Thursday, 6 December 2012
It's nearly here folks. The decorations are going up, the food and present shopping is being carried out and all of the usual Christmas traditions are lining up, ready to be instigated. A very important one approaches and will be happening in many homes, though not to the degree that as it used to. It involved a popular T.V guide magazine, a pack of highlighter pens and a stack of VHS blank cassette tapes. Some of you may be aware that I love films and TV and hopefully this explains the following obsession I carried out every year.
I know that I'm not the only person who did this, but it is now a dying tradition due to advances in technology. For any of you reading this who are too young to remember what happened, I'll take you through the recipe on how I used to plan my Christmas TV viewing:
The magazine I refer to was the Radio Times. You could use the TV Times, but only if the RT was unavailable, as in my opinion the latter just didn't cut it and this was a serious operation, there was no room for error. Next on the list was a set of highlighter pens of which there needed to be several different colours, for a very good reason. Finally we needed to have a substantial supply of blank VHS tapes. I always liked to use fresh tapes as, despite what the skeleton who advertised the Scotch tapes used to say, they did fade away after several re-records.
The first read through of the RT was just a quick browse to familiarise oneself with what was on and to make myself aware of any clear, no-questions-asked recordings that had to take place (mostly movies). To do this I used the most eye-catching highlighter (usually the yellow, a common choice I believe). At this point I feel I need to explain that for several years over the Christmas period, I was away from home and with other members of my family, where TV viewing would not be so easy.
The second perusal involved a secondary colour being used to mark out other programmes I would like to see which were to be broadcast over the festive period. This was usually Christmas specials and one-offs such as "Britain's Strongest Man". This is sadly no longer a special as, like so many other classic shows, there always seems to be a re-run being showed on one of the multiple channels now diluting our TV's.
Next up was the "Clash Check." This was a procedure whereby I would list the programmes in date and time order and see if there was a clash. In the event of there being so, which did occasionally happen, I had a couple of options:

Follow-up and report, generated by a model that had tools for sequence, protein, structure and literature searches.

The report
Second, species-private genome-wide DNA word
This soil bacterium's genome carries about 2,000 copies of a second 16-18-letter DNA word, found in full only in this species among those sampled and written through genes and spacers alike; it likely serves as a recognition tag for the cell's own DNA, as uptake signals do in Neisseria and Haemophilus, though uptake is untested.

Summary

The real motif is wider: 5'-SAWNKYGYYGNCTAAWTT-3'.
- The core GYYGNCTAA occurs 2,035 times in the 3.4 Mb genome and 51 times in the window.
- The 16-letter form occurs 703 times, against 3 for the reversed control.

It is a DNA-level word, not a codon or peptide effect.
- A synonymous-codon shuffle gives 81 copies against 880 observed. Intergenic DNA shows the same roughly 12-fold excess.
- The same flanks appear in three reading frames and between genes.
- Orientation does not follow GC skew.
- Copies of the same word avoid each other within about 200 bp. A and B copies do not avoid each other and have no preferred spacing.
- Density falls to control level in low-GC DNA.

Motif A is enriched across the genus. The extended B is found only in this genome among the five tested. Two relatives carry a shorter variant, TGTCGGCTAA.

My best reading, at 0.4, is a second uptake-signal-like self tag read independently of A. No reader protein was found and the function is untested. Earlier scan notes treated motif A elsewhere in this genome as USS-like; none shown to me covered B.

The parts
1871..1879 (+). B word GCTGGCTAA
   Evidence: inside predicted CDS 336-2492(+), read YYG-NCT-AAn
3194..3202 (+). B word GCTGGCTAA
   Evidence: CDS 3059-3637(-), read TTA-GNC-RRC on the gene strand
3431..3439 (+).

1) Watch one of the programmes and record the other (if viewing was an option).
2) Commandeer my parents VCR in the lounge to use in addition to my own. (This may seem extreme to you
but any TV or film addict will tell you, it had to be done.)
Having now planned the recordings et.c I now had to calculate how I was going to get it all onto a tape. The most common species of the VHS cassette was the E-180. The "180" denoted the length of time in minutes available on the tape and also declared itself almost useless unless you used a "long play" function on the VCR, doubling the 180mins into six hours. Not for me though, the E180, no I went straight to the E240. As you can probably work out, this became an eight-hour recordable behemoth of a tape. All recordings were programmed into the VCR's timer and the preparation was complete. All that was left now was for me to enjoy my "meal" of Christmas TV goodness on returning from my travels.
Of course it doesn't happen like that any more. We shall purchase the RT as a matter of course, the same as every Christmas and there may even be a bit of highlighting going on. It wont be to the same degree because nowadays our Sky box does it all for us: Programme guide, recording et.c. The advance in technology from VCR to digital recorders, like most other changes, makes life easier. However, also like some other advances, it takes some of the fun out of it.
I think the difference is the involvement and the physical aspect of a plastic box housing a film or programme. Yes it can be replaced with another title in the same way a digibox can be wiped and new items recorded, but there is still a lot to be said for VHS in the same way that records have the individuality that compact discs do not. I still have many videos and have no intention of getting rid of them, in fact some of the rarer titles have become collectors items of value.
Now if I can just fit The Two Ronnies Christmas Special on, I'll be happy. No? Right then, I have need of your VCR......
No VCR's were permanently damaged during this procedure. (Apart from a Panasonic NVG-21B)